Following up on my post about word quality and inspired by a blog post by Joyce Norris-Montanari called “Things That Don’t Work So Well – Doing Analytics Before Their Time” in which the word “unmaintainable” is used I want to challenge my English spell checker even further with the rare and apparently not really existing word but frequent issue of unmaintainability.
I have previously on this blog pondered that you can’t expect that because you get it Right the First Time then everything will be just fine from this day forward. Things change.
This argument is about the data as plain data.
But there is also a maintainability (this is apparently a real word) issue around how we store data. I have many times conducted data quality exercises as deduplication and matching with and enriching from external reference data in order to reach a single version of the truth as far as it goes.
An often encountered problem is that this kind of data processing can get us somewhere close to a single version of the truth. But then there is a huge obstacle: You can’t get these great results back to the daily databases without destroying some of the correctness because the data structures don’t allow you to do that.
Such kind of unmaintainability is in my eyes a good argument for looking into master data management platforms that allows you to maintain your master data in the complexity that supports the business rules that make your company more competitive.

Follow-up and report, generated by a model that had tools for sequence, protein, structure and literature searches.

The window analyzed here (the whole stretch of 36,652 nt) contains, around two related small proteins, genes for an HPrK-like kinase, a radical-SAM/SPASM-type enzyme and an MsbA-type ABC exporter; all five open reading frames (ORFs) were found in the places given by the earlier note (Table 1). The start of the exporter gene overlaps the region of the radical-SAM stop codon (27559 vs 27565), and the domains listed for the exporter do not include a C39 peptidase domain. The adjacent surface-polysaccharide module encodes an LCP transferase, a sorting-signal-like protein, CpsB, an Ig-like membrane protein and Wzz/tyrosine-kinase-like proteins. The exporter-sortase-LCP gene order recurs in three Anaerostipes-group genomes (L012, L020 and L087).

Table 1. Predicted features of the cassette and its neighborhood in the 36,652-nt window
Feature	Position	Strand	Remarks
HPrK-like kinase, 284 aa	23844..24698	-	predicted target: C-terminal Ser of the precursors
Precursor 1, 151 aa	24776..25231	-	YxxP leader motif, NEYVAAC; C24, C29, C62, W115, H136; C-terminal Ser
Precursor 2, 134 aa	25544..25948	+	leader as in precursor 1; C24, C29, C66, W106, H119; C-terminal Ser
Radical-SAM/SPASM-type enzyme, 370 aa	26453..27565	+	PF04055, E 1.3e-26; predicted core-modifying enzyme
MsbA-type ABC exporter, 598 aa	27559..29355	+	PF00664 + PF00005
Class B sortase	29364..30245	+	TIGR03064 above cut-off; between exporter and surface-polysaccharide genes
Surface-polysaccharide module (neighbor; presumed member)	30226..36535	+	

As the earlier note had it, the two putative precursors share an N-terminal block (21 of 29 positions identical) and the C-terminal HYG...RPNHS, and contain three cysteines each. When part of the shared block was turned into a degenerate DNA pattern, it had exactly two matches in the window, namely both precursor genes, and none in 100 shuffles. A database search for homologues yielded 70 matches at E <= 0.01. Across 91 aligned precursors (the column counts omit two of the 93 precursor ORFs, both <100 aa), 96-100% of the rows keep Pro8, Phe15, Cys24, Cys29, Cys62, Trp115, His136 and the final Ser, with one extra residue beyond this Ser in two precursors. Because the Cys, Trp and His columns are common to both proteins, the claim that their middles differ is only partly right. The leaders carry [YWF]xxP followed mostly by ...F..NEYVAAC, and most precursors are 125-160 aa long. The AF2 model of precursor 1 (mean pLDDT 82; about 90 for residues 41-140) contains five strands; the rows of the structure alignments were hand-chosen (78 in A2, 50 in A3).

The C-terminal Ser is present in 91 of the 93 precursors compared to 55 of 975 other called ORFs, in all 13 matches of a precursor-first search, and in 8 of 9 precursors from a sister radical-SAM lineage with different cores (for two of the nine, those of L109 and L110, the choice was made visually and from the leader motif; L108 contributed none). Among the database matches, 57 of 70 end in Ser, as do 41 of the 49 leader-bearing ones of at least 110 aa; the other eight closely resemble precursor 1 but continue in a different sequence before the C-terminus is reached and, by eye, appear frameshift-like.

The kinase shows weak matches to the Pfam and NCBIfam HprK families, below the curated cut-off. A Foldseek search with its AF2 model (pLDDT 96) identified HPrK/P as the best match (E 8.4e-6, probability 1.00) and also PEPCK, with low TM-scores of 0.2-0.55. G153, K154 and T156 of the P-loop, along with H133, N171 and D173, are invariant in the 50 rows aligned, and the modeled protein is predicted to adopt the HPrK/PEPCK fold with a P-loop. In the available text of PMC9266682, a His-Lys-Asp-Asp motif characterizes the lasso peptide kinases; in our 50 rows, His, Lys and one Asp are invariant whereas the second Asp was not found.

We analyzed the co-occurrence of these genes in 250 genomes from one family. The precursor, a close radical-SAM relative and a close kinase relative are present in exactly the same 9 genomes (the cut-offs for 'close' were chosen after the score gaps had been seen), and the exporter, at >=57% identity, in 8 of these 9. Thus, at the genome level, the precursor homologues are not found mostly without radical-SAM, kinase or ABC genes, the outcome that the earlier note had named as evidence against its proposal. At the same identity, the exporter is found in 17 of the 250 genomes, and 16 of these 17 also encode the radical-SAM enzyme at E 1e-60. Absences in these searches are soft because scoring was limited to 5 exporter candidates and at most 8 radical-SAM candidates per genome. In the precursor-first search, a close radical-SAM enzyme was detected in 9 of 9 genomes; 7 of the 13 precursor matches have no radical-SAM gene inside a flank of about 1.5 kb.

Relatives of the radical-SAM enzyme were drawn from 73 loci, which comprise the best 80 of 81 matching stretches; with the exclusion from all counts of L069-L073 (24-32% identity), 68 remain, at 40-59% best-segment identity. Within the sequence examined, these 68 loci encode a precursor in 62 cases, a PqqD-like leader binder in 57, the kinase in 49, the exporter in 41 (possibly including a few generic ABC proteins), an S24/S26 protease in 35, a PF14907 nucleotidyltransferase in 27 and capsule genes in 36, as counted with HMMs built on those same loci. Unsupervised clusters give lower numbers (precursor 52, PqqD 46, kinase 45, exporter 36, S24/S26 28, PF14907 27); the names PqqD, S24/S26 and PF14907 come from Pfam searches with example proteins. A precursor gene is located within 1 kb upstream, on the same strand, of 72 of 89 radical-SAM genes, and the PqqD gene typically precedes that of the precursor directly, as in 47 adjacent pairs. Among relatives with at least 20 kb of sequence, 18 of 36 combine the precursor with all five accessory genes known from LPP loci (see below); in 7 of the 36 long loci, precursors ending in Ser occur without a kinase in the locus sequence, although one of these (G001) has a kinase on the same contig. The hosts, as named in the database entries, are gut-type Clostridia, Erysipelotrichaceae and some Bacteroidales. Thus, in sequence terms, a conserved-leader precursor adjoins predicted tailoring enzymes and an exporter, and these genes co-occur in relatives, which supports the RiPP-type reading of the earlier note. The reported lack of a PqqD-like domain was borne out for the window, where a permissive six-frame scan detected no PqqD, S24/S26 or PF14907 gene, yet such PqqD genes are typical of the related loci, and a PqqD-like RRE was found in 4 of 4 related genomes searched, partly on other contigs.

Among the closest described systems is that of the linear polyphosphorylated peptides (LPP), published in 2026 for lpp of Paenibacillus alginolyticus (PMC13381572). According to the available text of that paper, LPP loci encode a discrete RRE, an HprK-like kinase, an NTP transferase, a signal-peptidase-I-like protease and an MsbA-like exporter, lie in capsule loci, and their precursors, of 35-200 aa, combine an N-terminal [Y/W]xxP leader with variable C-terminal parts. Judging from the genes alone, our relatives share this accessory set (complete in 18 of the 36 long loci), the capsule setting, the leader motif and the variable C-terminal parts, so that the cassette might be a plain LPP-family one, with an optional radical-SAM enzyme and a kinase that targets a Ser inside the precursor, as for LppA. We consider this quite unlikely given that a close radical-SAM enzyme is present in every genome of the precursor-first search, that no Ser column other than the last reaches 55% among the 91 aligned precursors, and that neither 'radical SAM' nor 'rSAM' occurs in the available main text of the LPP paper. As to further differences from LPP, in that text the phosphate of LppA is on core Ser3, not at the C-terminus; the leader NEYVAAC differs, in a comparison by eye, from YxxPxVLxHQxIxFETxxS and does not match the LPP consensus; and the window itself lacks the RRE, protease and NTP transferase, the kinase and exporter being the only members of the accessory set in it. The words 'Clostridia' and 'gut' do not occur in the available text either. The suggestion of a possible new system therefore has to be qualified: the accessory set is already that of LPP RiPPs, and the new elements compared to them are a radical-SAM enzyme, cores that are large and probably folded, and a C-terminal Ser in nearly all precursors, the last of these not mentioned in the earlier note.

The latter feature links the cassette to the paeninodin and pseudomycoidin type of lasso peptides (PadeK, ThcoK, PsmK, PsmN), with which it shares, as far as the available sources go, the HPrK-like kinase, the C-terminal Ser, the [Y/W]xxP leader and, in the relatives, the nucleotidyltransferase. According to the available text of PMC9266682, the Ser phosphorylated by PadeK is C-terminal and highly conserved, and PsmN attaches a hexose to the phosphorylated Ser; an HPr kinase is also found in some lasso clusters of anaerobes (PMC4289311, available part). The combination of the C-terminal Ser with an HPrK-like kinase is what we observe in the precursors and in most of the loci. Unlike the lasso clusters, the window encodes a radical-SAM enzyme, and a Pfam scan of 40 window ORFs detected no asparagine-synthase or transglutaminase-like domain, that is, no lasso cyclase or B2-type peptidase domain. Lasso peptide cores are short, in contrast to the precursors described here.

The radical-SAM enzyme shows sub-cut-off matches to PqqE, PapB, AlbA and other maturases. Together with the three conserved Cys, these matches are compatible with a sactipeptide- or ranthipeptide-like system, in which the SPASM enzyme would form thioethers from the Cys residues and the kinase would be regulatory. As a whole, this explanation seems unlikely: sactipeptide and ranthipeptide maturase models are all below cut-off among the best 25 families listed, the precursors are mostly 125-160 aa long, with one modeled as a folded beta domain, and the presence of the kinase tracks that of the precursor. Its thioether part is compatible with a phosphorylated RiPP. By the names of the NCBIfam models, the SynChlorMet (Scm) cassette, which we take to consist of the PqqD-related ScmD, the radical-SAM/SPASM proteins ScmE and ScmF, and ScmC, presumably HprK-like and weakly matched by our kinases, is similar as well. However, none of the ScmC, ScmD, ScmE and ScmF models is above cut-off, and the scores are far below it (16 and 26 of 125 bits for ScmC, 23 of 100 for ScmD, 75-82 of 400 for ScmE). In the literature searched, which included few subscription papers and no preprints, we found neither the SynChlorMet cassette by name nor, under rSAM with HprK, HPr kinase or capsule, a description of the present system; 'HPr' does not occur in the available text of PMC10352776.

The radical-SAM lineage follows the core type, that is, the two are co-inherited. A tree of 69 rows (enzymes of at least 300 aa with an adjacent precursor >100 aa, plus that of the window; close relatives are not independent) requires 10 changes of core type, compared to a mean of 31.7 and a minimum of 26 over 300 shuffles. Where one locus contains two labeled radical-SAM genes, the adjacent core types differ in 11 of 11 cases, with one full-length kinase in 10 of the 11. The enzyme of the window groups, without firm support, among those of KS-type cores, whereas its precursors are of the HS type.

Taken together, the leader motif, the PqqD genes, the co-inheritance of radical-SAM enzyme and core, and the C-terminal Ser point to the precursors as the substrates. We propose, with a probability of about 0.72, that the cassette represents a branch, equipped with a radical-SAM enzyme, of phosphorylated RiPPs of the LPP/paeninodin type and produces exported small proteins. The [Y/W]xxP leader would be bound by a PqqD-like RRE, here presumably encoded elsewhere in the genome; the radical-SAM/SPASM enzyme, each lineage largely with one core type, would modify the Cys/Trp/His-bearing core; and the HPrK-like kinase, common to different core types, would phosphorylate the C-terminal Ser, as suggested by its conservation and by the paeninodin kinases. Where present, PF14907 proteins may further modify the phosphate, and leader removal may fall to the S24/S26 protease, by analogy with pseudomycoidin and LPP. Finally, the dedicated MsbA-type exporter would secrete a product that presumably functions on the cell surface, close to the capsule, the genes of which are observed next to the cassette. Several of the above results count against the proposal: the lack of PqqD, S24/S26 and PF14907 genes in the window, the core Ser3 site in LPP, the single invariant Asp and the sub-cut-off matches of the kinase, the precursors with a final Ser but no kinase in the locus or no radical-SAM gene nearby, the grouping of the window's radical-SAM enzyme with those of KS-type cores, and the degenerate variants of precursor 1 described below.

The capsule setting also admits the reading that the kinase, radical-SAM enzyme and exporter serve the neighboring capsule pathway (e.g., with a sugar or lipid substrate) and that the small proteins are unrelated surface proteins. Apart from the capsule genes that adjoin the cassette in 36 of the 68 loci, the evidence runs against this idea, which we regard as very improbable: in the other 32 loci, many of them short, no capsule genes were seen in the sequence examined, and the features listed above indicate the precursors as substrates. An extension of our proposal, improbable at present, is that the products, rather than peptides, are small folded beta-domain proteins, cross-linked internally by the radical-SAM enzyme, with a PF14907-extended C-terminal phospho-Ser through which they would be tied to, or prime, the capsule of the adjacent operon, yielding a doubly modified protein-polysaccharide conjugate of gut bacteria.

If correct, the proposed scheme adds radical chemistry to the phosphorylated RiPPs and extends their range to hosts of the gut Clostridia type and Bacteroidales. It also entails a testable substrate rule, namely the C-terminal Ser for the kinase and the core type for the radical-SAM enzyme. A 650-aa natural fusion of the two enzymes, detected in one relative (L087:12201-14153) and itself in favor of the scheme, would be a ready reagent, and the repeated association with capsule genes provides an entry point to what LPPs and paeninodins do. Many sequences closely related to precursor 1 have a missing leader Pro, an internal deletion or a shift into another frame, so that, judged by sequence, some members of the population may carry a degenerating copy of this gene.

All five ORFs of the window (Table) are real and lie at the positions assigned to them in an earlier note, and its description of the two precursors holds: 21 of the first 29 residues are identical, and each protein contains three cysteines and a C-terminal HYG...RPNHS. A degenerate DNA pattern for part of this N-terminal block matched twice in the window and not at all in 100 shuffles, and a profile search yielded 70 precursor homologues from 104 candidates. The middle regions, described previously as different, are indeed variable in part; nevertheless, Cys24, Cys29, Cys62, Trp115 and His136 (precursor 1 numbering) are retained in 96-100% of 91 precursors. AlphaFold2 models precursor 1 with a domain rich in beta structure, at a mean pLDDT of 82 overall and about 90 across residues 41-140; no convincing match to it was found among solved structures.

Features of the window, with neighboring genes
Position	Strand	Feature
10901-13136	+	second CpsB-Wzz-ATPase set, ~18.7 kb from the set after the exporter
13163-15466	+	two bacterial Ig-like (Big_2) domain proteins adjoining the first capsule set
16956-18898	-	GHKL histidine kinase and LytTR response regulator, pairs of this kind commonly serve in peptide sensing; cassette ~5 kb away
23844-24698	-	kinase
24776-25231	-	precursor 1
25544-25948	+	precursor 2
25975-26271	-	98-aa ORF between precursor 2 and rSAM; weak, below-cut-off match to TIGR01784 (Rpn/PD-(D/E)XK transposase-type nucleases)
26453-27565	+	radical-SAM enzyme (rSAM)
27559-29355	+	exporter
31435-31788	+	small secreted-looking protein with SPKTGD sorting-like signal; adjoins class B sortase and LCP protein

Good points, Henrik.
One of the most common mistakes made in data analysis and modelling is that of seeing complexity being of a higher order than simplicity.
The opposite is in fact the truth. Real power in data modelling comes from being able to identify and model the underlying simplicity that is the cornerstone of data quality in any enterprise, no matter how big.
The sad fact is that there are too few people with the skills to identify and model this simplicity. To add to this there are far too many who attempt to model data in an enterprise without the essential blueprint, the Logical Data Model.
Complexity is created, not by the inherit complexity of data, but by essentially bad practice and lack of skill.
If data structures are complex it is because practitioners are missing the simplicity. If they are missing the simplicity, they are missing the point!
Thanks for commenting John. To make it clear: My point is that neither simplicity nor complexity is a measure of quality; it is ability to support the business rules. I agree that in practice many data models are either too simple or too complex or just too bad.
By the way I’m looking forward to your webinar on DataQualityPro about Business Systems Modelling for Data Quality today.